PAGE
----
Spring Grazing Safety

What's the best way to allow a horse to enjoy spring grass safely?

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Q: I’ve heard that horses shouldn’t be allowed unlimited grazing when the lush spring grass comes in—that it’s dangerous. How do I safely allow my horse to graze in spring?

A: If your horse is on grass 24/7 while the new spring pastures come in, his digestive system can acclimate gradually as the grass changes. However, if he spends a lot of time in a stall, or the pastures are closed all winter until the grass has come back in really thick and green, then he will need to have more time to get used to it.

Horse grazing in springtime

The microbes in a horse’s gut that digest forage (hay and pasture) take a long time, at least a week or two, to adjust to new feed sources. Changing suddenly can upset the system, resulting in colic or laminitis, either of which can be fatal in severe cases.

To be on the safe side, start by allowing your horse only 15 minutes a day to graze; you can do this while hand-walking to keep track of time. Each day he can have a little bit more, working up to a few hours per day, and so on. If he tends to gain too much weight from pasture grass, it’s still best to limit his grazing time instead of putting him out on full-time pasture. Excess weight can be bad for his health and cause joint stress. If he must be turned out and you’re worried about his weight, a dry lot or grazing muzzle are good options.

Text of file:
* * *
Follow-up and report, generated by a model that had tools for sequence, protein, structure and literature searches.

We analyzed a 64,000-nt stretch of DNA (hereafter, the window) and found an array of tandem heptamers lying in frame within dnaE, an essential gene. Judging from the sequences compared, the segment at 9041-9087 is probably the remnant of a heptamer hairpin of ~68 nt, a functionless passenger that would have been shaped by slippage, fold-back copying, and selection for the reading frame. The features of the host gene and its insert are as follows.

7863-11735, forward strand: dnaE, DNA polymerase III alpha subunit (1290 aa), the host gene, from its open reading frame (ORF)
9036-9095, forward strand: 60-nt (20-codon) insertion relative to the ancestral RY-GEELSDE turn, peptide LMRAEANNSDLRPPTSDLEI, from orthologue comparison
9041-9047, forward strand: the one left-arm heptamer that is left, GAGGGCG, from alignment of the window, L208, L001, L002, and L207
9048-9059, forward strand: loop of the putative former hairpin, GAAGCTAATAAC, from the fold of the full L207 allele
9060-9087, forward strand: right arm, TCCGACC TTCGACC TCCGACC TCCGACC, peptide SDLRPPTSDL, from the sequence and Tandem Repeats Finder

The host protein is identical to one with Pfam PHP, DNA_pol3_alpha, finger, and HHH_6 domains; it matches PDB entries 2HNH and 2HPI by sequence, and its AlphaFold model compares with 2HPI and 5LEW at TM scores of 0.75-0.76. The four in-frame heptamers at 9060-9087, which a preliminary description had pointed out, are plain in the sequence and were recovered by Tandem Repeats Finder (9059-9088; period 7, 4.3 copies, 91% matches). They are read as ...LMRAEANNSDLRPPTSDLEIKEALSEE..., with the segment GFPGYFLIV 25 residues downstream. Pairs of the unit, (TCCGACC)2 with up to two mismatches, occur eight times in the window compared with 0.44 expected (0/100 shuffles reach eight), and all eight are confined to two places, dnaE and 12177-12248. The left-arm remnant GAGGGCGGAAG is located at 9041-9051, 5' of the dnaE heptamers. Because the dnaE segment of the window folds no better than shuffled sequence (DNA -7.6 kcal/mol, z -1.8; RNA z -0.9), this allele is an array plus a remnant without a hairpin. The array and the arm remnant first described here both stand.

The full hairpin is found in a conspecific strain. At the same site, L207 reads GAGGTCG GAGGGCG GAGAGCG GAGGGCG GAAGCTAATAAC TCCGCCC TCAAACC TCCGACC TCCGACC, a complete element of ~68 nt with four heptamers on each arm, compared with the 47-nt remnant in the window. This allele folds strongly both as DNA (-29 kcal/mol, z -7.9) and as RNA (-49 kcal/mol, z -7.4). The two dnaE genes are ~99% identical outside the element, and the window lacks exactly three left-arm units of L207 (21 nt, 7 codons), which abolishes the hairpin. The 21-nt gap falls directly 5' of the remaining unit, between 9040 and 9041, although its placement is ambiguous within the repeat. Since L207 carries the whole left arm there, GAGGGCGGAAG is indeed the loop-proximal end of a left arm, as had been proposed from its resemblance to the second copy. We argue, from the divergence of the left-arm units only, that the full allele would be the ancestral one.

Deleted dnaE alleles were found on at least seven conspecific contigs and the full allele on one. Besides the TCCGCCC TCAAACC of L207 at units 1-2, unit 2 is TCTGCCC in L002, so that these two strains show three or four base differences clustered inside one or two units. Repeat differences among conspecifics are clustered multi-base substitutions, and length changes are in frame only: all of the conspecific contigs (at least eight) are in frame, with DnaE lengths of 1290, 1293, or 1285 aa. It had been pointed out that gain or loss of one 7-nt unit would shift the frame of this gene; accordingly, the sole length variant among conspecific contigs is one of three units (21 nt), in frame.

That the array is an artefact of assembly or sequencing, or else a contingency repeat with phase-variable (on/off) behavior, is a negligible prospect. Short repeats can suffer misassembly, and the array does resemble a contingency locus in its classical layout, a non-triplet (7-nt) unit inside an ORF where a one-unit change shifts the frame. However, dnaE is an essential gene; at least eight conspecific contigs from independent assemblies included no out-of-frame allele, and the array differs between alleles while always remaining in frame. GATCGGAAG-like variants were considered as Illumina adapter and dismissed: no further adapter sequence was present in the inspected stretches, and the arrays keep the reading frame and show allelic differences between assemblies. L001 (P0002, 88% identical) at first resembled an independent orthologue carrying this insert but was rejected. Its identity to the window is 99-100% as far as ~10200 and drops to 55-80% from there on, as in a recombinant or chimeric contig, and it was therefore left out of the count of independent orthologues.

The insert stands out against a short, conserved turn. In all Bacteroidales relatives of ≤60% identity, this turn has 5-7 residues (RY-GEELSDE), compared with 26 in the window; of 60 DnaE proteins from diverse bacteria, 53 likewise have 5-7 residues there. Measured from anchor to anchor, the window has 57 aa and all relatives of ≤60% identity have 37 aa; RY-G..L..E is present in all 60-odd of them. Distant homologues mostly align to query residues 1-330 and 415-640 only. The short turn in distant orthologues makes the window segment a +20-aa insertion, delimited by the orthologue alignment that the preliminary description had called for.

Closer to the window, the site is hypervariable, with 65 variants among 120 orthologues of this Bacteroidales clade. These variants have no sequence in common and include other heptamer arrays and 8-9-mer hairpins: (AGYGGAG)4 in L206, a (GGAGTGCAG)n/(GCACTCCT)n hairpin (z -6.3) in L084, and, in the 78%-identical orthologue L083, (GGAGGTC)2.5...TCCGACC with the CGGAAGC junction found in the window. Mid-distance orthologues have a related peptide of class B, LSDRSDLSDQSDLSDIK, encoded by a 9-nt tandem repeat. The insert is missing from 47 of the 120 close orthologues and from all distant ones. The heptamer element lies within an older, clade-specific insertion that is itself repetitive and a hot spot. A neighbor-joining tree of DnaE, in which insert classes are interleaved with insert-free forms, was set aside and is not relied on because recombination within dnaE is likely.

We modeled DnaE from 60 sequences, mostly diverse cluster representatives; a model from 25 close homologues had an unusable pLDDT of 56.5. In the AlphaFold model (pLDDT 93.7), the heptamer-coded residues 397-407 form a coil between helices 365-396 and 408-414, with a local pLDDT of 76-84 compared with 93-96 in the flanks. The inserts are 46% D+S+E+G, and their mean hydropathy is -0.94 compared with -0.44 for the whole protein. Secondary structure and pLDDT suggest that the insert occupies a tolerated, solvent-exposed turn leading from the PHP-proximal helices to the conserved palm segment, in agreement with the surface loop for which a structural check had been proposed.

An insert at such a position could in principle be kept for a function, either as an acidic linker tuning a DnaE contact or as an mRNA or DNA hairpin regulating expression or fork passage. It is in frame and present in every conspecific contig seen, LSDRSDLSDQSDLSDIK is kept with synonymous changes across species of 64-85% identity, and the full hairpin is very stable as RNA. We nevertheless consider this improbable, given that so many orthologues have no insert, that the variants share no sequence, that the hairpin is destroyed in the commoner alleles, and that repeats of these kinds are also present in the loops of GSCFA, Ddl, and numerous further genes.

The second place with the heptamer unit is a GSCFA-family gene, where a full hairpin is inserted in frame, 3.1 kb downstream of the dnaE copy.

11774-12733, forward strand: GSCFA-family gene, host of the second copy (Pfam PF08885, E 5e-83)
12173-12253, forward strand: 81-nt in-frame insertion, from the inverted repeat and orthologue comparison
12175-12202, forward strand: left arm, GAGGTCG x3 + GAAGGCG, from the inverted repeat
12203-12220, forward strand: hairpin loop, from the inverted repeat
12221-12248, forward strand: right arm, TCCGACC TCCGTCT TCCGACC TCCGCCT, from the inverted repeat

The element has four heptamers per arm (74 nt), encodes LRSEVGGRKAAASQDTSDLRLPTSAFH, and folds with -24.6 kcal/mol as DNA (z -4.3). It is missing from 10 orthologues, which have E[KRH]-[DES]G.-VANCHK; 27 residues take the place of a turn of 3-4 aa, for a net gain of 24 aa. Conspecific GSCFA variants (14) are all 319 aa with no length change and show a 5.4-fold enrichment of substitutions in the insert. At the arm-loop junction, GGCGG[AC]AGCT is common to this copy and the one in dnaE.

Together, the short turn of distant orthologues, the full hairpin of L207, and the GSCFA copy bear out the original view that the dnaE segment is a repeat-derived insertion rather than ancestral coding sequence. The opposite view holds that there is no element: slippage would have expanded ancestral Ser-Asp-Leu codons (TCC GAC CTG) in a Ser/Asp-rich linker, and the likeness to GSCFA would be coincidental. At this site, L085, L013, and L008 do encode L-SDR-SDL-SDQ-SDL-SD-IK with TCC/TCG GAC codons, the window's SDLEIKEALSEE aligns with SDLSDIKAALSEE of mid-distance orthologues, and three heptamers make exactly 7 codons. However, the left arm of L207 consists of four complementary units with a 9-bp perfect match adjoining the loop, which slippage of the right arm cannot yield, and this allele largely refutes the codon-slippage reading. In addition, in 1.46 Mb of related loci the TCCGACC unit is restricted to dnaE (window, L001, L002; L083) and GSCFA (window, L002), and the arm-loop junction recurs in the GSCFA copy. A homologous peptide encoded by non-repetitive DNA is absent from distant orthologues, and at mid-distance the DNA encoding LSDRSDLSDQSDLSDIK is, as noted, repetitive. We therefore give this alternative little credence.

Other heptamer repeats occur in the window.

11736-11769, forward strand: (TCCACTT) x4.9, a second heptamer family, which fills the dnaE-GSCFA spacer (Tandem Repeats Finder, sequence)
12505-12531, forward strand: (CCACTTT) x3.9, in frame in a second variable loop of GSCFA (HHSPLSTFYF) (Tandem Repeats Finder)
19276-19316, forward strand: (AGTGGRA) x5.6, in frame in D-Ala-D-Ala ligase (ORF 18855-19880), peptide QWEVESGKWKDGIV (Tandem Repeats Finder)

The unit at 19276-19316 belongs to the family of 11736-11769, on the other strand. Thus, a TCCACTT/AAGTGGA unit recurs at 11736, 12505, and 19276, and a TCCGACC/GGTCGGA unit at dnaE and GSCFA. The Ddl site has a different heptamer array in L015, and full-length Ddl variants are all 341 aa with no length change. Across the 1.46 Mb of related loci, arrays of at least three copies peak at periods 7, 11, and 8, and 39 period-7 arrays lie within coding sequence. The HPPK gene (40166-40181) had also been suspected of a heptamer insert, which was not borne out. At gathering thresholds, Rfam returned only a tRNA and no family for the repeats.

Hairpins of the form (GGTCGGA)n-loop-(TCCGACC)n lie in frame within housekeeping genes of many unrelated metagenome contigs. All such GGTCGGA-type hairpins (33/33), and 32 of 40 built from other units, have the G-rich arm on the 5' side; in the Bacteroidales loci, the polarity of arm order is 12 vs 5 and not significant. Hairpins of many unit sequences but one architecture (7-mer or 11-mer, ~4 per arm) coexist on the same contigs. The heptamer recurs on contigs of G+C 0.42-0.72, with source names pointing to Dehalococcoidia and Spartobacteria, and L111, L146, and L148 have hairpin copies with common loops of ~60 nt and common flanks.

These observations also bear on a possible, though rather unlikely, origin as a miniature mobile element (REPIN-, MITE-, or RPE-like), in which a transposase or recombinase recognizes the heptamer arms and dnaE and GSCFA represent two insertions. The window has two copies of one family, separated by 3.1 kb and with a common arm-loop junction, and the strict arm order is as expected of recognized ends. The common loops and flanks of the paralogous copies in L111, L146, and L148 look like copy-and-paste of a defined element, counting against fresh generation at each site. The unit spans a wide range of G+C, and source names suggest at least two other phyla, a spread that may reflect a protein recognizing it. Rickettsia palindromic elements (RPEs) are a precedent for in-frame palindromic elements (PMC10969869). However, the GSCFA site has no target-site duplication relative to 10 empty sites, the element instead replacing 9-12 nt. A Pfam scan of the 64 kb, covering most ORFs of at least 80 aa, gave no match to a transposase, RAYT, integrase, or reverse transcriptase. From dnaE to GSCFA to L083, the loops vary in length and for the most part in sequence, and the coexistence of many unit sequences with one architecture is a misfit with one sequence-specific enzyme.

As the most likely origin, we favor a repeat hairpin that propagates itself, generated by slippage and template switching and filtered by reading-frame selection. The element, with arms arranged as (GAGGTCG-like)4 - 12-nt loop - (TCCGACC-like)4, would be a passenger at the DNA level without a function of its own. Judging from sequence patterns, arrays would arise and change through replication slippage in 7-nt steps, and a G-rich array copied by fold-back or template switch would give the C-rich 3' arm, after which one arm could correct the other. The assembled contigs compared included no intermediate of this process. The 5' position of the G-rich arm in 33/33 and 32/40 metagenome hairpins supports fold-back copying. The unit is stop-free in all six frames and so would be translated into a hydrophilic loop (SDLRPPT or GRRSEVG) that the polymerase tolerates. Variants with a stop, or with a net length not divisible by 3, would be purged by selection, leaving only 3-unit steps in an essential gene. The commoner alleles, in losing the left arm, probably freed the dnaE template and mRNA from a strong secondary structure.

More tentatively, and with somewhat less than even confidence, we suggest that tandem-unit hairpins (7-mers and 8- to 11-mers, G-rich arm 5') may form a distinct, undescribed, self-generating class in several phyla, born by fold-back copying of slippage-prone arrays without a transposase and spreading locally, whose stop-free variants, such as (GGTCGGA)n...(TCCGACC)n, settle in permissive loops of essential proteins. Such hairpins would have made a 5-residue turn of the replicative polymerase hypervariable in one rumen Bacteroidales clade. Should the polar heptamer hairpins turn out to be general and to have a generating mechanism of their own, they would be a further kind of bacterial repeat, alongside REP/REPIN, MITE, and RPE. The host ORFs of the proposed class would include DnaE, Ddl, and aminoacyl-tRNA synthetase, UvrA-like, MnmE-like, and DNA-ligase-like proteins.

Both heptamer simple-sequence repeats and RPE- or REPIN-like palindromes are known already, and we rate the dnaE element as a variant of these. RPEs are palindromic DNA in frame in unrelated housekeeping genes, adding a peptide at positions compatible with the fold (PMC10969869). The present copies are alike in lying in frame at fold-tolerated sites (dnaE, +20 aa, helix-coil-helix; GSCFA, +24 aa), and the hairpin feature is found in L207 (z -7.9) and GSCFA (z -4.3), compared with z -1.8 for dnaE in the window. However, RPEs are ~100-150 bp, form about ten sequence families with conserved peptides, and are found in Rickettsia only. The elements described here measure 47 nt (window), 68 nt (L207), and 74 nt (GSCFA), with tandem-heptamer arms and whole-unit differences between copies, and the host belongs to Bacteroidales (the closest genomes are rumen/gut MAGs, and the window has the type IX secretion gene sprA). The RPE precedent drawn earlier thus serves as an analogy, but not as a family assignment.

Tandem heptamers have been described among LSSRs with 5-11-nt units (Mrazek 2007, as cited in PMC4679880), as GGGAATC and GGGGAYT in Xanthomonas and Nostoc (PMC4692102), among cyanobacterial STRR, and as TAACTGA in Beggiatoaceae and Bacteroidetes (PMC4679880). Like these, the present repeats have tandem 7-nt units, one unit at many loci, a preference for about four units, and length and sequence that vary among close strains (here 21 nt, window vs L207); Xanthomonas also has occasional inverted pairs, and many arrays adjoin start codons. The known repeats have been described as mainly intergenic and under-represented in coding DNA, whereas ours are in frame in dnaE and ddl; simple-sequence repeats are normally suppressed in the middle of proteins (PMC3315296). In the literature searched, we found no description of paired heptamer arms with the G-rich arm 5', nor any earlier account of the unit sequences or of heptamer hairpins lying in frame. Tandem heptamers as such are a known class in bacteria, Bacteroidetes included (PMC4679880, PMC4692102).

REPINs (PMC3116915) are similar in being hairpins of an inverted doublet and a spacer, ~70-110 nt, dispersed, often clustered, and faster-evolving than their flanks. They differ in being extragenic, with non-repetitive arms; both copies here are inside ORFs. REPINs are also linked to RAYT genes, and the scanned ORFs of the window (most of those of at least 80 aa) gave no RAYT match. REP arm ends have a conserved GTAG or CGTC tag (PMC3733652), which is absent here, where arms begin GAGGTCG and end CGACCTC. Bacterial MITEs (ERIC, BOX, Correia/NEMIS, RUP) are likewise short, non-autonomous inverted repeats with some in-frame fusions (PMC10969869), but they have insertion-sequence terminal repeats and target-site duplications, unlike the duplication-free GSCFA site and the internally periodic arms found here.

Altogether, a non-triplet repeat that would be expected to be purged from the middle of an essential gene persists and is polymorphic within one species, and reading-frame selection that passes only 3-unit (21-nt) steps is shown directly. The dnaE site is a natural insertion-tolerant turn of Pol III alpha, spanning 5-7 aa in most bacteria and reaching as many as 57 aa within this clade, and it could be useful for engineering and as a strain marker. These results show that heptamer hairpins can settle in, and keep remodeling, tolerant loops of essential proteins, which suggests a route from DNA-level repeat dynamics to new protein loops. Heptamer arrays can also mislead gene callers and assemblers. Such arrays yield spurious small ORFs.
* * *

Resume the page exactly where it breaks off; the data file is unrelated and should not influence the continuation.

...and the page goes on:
Finally, it’s very important to note that horses with certain metabolic conditions (such as insulin resistance, equine metabolic syndrome or Cushing’s disease) are much more prone to foundering from feed or forage that is too high in starch and sugars. This can include grain, pasture grass or even certain types of hay. Grass containing high levels of sugar isn’t always green, so don’t assume the grass is safe just because it is winter or summer. If you have one of these special needs horses, your veterinarian can help you design a diet that has been tested for low sugar content.

Liked this article? Here are others on spring horse care:
Use Caution When Introducing Horses to Spring Grass
Horse Care Reminders for Spring


This article originally appeared in the April 2014 issue of Horse Illustrated magazine. Click here to subscribe!

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Holly Caccamise
Holly Caccamise has been with Horse Illustrated and Young Rider since 2007, and in August 2019, she took over as head editor. She’s been instrumental in the production of both magazines and helped Horse Illustrated win a 2018 American Horse Publications Media Award in the General Excellence Self-Supported Publication (circulation 15,000 and over) category. Before getting involved in the editorial side of print media, she worked as an award-winning ad copywriter for Thoroughbred Times magazine. Caccamise has her MS in Animal Science from the University of Kentucky, where she studied equine nutrition and exercise physiology, and her Bachelor’s from UCLA in Biology. Caccamise has also worked as a research assistant, horse camp counselor teaching riding and vaulting, and as a top-level show groom in the eventing world, where she continues to compete her horse, Artie, at the lower levels.

2 COMMENTS

  1. I always make sure that my horses have a full belly of hay, and then let them out for a half an hour, morning, and then late afternoon, and finally about the same in the evening. Increase the time, each few days, until they are out for a few hours. Still watch them, if you have a horse that “might” be a good candidate for foundering, those muzzles are good advise.

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